ElviraCondomine Sun 20-Mar-16 09:42:26

My DD is going to France for a week at Easter for an immersive study week run by English-trained native French teachers - it's specifically for British AS students. It's not cheap but is absolutely what she wanted. She'll effectively be living en famille for the week and all lessons and 'family' activities will be in French only.

The alternative would have been what you're thinking of OP - which we were happy for her to do, but realised that a lot of the language courses and camps had too wide an age range and actually very little formal language tuition. At that age I went several times to stay with families and as a result had excellent teen slang and the ability to negotiate buses and trains with ease but I can't say either really benefitted my academic results directly; sadly with university entry for DD1's chosen course being so competitive she's taken the very hard headed and understandable approach of opting for something that will have an immediate impact on her exam results (with a plan to do something more unstructured like a sports camp later on)

I can let you know how she gets on in a couple of weeks!

Archfarchnad Sun 20-Mar-16 09:50:14

The only problem would be that she won't learn that much in 2 weeks. Dd1 did a 3-month exchange when she was 15, and she really needed that full time to achieve fluency. She was also living with a family and went to the same lycee as her exchange partner. The French girl also spent 3 months with us. It really paid off: DD became so much more confident and is now floating through her French A-level (equivalent qualification, as we don't live in the UK). Total immersion is more effective than a language school, but what you're planning is better than nothing.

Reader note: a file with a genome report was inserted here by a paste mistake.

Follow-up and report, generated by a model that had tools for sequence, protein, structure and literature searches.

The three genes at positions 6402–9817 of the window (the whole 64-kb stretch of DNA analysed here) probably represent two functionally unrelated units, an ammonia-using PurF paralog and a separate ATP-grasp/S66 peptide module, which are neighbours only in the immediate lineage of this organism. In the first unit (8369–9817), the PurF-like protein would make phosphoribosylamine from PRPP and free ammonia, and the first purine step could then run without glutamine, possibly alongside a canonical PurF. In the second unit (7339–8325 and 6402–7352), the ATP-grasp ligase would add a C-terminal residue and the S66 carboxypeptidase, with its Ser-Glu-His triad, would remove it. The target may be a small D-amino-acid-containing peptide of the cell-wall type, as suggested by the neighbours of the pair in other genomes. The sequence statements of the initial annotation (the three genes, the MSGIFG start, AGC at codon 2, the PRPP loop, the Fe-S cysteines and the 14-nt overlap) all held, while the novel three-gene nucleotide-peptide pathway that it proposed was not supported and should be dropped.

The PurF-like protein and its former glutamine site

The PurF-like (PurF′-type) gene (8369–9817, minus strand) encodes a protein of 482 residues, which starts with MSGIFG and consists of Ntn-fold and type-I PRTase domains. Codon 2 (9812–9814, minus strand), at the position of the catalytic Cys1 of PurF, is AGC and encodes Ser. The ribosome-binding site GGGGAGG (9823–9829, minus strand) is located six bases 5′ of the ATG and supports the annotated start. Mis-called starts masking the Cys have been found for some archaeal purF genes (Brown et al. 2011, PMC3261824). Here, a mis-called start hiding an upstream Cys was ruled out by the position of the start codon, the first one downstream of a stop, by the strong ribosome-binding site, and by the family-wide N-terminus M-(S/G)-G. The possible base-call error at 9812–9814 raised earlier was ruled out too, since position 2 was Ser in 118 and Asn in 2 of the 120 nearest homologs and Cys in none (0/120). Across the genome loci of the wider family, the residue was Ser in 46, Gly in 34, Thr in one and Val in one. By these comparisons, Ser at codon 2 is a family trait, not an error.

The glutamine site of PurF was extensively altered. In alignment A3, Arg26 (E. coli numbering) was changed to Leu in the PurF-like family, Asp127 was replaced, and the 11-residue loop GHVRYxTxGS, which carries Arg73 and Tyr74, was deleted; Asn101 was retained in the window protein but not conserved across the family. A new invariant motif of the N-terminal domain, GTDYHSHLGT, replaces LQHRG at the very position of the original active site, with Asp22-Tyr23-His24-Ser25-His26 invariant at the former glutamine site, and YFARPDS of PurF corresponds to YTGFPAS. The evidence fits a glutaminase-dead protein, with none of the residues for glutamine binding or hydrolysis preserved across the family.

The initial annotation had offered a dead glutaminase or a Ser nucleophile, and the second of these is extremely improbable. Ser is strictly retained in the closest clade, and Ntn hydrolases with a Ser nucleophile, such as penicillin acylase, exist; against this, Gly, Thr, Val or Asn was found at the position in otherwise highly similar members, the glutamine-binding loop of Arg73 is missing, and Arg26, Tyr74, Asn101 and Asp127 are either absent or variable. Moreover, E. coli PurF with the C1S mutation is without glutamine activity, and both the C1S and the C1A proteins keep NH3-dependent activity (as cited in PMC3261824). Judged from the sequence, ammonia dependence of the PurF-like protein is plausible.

IceMaiden73 Sun 20-Mar-16 09:52:07

Wow what an opportunity, I would let her go

Is 2 weeks long enough though?

BlueJug Sun 20-Mar-16 09:54:02

I'd also be interested in recommendations. So many of the camps have an emphasis on sport or a very mixed age range.

As an aside I went to Paris at 16 with a friend. We went over on the ferry, found a hotel and spent happy week sightseeing.Loved it.

mmgirish Sun 20-Mar-16 09:55:03

Not to freak you out but my older sister had a terrible experience with a host family in France. It was many moons ago mind you but she had to share a bedroom with the whole family! She didn't talk about it when she returned but later made a comment about something to my uncle who then coaxed all the information from her. When my parents complained to the school who organised it, they found out that the family were a last minute substitute family as another had dropped out.

MrsChrisPratt Sun 20-Mar-16 09:57:01

During university summers I worked at an English language school that had similar arrangements. It is a fab opportunity at that age, most host families will host 2-3 students so maybe ask that she is allocated a host with similar age/gender to give her a head start on building a little social network out there.

FithColumnist Sun 20-Mar-16 10:40:26

This is an amazing opportunity! Your DD sounds mature enough to know what she wants, and this could be the making of her, OP. Even two weeks of immersion in French will help enormously: it won't get her fluency of course, but the transition between GCSE and AS is a hell of a learning curve, and much of this is to do with confidence in speaking.

TheDrsDocMartens Sun 20-Mar-16 13:40:48

Elvira who is that with?

ElviraCondomine Mon 21-Mar-16 11:37:40

Learn French in France.